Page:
Edmonton

Historic Steele collection returning to Canada

A piece of Canadian history known as the Sir Samuel Steele Collection that languished for years in a British attic will soon be on its way to Alberta.

Letters, photos, diaries and artifacts of famed Mounted Police and military figure Sir Samuel Steele bought for $1.8 million

Sir Sam Steele, lived from 1849 to 1919, was a major player in the policing and military history of Western Canada. ((CBC))

A piece of Canadian history known as the Sir Samuel Steele Collection that languished for years in a British attic will soon be on its way to Alberta.

The treasure trove of letters, photographs, diaries and artifacts was handed over Thursday by the Queen's youngest son, Prince Edward, in a ceremony at the Canadian High Commission in London's Trafalgar Square.

"It’s fantastic that somebody actually discovered all those boxes and what was contained in there and somebody actually realized the true value," the prince said during the ceremony.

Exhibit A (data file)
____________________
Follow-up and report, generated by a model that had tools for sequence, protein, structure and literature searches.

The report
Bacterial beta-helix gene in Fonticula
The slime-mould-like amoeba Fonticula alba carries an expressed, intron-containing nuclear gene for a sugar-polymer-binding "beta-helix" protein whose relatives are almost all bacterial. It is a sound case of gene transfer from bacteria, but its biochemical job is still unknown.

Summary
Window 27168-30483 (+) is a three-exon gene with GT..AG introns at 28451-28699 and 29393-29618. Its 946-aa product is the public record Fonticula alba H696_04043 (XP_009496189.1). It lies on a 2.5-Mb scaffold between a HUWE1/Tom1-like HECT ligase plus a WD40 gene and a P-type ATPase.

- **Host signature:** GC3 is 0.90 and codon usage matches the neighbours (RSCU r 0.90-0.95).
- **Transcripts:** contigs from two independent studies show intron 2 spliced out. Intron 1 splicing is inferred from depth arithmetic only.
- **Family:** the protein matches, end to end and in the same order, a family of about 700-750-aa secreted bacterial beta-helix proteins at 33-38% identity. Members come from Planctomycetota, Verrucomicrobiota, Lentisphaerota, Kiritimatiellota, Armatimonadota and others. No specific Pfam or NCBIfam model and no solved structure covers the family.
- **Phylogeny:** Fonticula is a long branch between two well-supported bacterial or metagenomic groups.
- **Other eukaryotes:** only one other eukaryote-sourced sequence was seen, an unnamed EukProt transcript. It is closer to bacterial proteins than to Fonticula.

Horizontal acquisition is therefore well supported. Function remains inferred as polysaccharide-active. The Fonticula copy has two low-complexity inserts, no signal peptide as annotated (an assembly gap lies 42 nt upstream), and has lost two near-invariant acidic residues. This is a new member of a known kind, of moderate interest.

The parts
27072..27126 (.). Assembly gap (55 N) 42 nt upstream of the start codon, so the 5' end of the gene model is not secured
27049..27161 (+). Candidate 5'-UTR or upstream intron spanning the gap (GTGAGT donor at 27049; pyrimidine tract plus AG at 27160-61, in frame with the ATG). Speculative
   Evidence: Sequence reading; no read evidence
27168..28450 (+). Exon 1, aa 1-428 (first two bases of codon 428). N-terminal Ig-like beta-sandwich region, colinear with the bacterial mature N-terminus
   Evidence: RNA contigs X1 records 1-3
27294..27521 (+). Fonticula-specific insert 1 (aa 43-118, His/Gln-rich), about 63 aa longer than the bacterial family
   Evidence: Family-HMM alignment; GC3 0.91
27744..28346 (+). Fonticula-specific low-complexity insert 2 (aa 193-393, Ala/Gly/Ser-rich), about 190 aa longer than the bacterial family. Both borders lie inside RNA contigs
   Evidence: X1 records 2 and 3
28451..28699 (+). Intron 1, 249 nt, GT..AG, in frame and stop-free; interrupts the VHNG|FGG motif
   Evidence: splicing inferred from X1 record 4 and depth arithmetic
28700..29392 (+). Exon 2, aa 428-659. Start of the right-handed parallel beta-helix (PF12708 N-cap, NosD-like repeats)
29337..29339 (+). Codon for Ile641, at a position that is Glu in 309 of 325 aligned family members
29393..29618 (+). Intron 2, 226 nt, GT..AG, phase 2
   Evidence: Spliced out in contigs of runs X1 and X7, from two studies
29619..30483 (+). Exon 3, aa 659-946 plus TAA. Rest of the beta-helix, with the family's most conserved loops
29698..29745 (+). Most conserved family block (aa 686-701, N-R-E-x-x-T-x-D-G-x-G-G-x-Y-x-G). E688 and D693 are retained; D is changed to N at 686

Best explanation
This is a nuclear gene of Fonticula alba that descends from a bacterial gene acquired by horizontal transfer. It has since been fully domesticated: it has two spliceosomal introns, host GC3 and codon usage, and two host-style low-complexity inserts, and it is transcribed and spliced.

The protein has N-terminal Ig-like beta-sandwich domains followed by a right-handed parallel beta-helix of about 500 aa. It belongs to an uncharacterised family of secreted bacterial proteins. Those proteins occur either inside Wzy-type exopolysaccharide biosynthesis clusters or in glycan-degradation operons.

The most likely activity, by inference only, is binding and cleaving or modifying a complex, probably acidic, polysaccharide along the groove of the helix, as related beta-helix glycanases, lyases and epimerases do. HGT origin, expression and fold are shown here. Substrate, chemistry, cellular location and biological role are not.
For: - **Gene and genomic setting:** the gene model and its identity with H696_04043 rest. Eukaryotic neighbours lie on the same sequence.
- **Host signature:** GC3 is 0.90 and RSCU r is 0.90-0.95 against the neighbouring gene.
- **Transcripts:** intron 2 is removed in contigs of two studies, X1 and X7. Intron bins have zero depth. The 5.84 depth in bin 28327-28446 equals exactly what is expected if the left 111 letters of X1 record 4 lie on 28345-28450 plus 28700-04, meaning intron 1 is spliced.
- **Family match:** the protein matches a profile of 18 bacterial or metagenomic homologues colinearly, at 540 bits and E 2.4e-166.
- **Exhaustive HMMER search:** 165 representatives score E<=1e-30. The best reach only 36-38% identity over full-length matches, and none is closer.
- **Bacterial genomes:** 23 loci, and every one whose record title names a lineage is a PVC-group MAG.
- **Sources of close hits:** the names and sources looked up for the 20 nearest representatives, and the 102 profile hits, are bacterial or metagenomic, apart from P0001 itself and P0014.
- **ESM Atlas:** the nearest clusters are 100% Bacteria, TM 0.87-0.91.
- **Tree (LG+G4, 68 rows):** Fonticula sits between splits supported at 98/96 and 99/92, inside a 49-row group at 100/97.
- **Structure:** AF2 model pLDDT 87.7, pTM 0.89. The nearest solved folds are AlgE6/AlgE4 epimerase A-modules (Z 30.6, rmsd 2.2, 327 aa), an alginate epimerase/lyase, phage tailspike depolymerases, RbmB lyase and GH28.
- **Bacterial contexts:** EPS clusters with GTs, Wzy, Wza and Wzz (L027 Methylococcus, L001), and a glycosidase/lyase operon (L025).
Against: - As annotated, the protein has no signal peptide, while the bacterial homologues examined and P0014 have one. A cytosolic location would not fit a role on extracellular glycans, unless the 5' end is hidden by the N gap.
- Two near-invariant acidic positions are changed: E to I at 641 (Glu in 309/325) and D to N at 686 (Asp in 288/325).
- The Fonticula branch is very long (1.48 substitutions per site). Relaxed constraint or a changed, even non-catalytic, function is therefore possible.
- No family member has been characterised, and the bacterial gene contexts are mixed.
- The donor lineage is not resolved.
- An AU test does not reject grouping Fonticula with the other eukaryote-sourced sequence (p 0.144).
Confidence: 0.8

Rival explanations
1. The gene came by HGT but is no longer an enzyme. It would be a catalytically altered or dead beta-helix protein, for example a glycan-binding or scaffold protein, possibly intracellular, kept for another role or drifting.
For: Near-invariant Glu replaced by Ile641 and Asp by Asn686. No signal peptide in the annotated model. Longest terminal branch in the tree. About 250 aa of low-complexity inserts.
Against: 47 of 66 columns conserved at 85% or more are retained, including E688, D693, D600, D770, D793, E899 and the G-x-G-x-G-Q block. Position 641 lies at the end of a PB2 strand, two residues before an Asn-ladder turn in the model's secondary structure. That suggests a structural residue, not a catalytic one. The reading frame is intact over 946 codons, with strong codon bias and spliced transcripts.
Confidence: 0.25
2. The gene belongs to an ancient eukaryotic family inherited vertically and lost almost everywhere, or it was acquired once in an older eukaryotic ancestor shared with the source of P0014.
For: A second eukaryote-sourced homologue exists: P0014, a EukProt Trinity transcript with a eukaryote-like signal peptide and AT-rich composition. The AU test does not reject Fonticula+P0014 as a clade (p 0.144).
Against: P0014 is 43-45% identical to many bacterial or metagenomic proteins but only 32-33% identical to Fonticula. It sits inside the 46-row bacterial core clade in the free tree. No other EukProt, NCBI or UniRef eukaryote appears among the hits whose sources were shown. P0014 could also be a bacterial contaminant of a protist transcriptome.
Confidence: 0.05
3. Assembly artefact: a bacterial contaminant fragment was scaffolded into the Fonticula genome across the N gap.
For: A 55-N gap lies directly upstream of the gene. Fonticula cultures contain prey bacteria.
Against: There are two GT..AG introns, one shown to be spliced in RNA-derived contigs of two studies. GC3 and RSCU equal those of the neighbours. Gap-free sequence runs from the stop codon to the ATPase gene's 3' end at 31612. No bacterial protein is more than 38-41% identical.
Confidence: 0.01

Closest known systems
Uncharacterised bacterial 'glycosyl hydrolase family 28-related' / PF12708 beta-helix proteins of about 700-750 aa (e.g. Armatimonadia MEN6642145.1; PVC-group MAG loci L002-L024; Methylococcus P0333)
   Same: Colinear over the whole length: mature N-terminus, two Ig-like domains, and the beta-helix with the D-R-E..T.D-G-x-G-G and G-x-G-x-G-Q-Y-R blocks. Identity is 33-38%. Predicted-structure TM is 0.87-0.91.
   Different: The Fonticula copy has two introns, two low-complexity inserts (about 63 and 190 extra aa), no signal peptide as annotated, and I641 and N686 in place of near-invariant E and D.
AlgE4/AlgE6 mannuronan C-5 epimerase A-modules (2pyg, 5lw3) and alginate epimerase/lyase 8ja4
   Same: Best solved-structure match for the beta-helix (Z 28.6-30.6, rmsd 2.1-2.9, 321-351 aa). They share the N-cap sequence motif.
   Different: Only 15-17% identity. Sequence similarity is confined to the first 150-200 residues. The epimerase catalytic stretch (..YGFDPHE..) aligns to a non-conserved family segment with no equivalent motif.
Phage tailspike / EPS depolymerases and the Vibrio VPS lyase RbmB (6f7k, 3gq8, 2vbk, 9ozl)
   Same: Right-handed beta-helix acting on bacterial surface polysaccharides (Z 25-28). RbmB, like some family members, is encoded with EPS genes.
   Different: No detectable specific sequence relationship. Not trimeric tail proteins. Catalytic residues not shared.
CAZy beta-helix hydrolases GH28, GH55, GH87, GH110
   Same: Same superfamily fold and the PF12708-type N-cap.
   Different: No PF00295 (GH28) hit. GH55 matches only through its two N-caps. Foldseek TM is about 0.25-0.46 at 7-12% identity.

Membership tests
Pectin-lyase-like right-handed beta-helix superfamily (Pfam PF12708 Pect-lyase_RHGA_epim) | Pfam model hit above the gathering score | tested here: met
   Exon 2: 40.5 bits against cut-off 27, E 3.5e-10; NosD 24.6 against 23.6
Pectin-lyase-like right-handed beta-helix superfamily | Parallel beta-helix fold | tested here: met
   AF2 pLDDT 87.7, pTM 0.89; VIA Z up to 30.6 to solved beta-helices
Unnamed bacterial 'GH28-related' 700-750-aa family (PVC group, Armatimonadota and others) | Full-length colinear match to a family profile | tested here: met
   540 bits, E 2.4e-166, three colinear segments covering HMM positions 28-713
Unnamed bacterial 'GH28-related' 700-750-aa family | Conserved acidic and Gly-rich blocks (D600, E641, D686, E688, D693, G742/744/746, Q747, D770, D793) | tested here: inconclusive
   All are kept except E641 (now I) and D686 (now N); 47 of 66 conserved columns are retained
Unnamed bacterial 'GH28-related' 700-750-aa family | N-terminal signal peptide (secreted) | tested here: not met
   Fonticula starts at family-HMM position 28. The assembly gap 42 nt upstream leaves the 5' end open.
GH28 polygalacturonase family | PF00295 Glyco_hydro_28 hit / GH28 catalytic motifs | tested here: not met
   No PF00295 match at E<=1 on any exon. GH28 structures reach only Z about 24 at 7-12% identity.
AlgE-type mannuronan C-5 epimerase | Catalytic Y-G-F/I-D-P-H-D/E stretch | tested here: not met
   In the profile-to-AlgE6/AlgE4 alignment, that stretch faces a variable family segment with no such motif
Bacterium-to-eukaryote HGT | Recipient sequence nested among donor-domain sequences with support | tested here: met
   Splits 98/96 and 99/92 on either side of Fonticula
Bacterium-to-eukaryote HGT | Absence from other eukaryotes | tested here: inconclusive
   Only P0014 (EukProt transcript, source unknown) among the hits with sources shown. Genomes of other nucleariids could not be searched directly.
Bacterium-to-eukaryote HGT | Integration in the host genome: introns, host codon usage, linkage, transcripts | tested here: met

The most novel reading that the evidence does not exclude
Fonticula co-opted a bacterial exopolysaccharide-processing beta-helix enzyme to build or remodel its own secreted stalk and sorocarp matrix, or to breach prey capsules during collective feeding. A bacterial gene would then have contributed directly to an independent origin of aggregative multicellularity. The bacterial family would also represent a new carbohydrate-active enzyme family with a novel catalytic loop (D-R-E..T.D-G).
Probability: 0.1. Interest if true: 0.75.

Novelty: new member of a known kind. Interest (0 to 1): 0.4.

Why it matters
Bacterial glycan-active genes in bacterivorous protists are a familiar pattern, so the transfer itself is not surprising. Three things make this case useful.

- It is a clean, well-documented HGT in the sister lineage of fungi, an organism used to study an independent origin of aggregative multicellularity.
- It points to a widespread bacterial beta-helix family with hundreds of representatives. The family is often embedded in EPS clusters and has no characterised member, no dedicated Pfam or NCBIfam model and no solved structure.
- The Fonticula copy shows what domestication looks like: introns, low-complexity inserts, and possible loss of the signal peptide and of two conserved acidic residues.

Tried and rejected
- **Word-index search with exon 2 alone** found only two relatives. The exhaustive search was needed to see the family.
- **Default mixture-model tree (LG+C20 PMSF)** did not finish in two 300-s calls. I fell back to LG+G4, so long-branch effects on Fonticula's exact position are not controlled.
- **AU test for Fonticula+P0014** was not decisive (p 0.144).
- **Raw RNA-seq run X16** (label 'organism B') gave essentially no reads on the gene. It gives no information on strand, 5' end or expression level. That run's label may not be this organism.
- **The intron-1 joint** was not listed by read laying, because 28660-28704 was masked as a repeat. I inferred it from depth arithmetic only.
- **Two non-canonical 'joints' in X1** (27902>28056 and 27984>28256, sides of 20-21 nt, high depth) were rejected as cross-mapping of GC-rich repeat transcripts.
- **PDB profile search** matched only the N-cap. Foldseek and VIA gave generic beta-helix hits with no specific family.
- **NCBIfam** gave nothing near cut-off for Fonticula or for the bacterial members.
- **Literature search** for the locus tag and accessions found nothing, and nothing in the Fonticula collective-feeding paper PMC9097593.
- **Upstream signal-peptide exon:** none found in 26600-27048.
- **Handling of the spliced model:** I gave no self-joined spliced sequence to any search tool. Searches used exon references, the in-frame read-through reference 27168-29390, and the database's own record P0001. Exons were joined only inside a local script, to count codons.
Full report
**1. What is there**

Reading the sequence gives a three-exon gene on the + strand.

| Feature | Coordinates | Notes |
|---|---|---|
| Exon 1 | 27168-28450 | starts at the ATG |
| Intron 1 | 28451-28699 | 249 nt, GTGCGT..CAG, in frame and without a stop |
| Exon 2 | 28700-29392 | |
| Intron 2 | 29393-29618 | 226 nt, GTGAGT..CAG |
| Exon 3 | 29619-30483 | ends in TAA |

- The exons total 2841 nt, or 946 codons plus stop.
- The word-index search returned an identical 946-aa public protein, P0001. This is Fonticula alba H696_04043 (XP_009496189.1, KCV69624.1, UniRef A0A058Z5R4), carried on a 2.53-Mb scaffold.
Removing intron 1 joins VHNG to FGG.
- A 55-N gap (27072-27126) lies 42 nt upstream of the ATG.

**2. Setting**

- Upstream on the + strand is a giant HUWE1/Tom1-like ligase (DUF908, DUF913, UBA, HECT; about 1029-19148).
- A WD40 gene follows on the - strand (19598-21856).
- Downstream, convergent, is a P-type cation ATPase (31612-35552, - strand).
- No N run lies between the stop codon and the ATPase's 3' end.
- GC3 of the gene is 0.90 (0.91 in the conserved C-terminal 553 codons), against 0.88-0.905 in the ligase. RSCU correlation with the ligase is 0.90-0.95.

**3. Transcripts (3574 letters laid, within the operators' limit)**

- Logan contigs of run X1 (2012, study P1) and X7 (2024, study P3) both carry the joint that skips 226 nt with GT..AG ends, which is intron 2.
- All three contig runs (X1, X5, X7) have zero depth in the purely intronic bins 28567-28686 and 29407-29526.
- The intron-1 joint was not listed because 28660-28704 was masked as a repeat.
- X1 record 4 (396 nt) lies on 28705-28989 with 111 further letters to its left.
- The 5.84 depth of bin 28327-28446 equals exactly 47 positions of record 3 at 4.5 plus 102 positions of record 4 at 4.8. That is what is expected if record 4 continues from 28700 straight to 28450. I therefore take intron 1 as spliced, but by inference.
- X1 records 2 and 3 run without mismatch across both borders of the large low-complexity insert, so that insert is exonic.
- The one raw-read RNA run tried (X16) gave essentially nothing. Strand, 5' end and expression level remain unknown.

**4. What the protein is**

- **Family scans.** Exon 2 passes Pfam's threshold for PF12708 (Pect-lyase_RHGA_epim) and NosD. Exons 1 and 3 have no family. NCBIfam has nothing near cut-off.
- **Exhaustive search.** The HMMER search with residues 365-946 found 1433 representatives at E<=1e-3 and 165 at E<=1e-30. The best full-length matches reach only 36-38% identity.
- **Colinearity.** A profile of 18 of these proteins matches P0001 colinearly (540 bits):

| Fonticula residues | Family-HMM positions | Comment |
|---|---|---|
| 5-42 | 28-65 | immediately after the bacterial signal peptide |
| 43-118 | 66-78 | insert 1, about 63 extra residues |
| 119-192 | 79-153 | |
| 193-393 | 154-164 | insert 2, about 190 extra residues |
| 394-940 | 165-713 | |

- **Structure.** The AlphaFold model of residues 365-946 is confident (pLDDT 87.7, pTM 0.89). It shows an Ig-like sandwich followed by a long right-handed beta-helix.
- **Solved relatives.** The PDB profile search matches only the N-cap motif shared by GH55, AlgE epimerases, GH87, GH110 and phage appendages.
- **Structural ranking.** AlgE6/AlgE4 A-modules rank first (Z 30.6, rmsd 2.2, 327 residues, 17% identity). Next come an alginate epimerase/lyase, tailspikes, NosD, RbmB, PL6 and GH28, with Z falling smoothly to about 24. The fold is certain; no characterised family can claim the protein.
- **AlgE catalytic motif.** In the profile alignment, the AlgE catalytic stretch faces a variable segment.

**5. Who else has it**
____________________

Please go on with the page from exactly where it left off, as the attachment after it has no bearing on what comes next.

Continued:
"The legend, like the man, looms very large," said James Wright, Canada's high commissioner to Britain.

"History books are filled with accounts of how Sam Steele played a pivotal role … bringing law and order to the Northwest Territories but also helping shape military history."

The Sam Steele Collection was handed over Thursday in London by the Queen's youngest son, Prince Edward, right, to Canadian High Commissioner to Britain James Wright. ((CBC))

Steele, who lived from 1849 to 1919,  was a member of the North-West Mounted Police and Lord Strathcona's Horse (Royal Canadians).

He policed in the Klondike during the Gold Rush, helped maintain order on the Canadian Pacific Railway, and tried to persuade Chief Sitting Bull to turn himself over to U.S. authorities. He also fought in the Boer War and the First World War.

Steele documented all of these events, filling 86 boxes that ended up being stored along with his uniform and pistol in the home of a relative in Britain.

A few years ago, his relations approached the Canadian High Commission with an offer to sell the collection. The commission, in turn, contacted various Canadian universities and art galleries.

The University of Alberta and the Glenbow Museum in Calgary decided to buy the collection for $1.8 million.

It was like Christmas morning, said one member of the Canadian delegation, because of the wealth of historical information contained in the collection.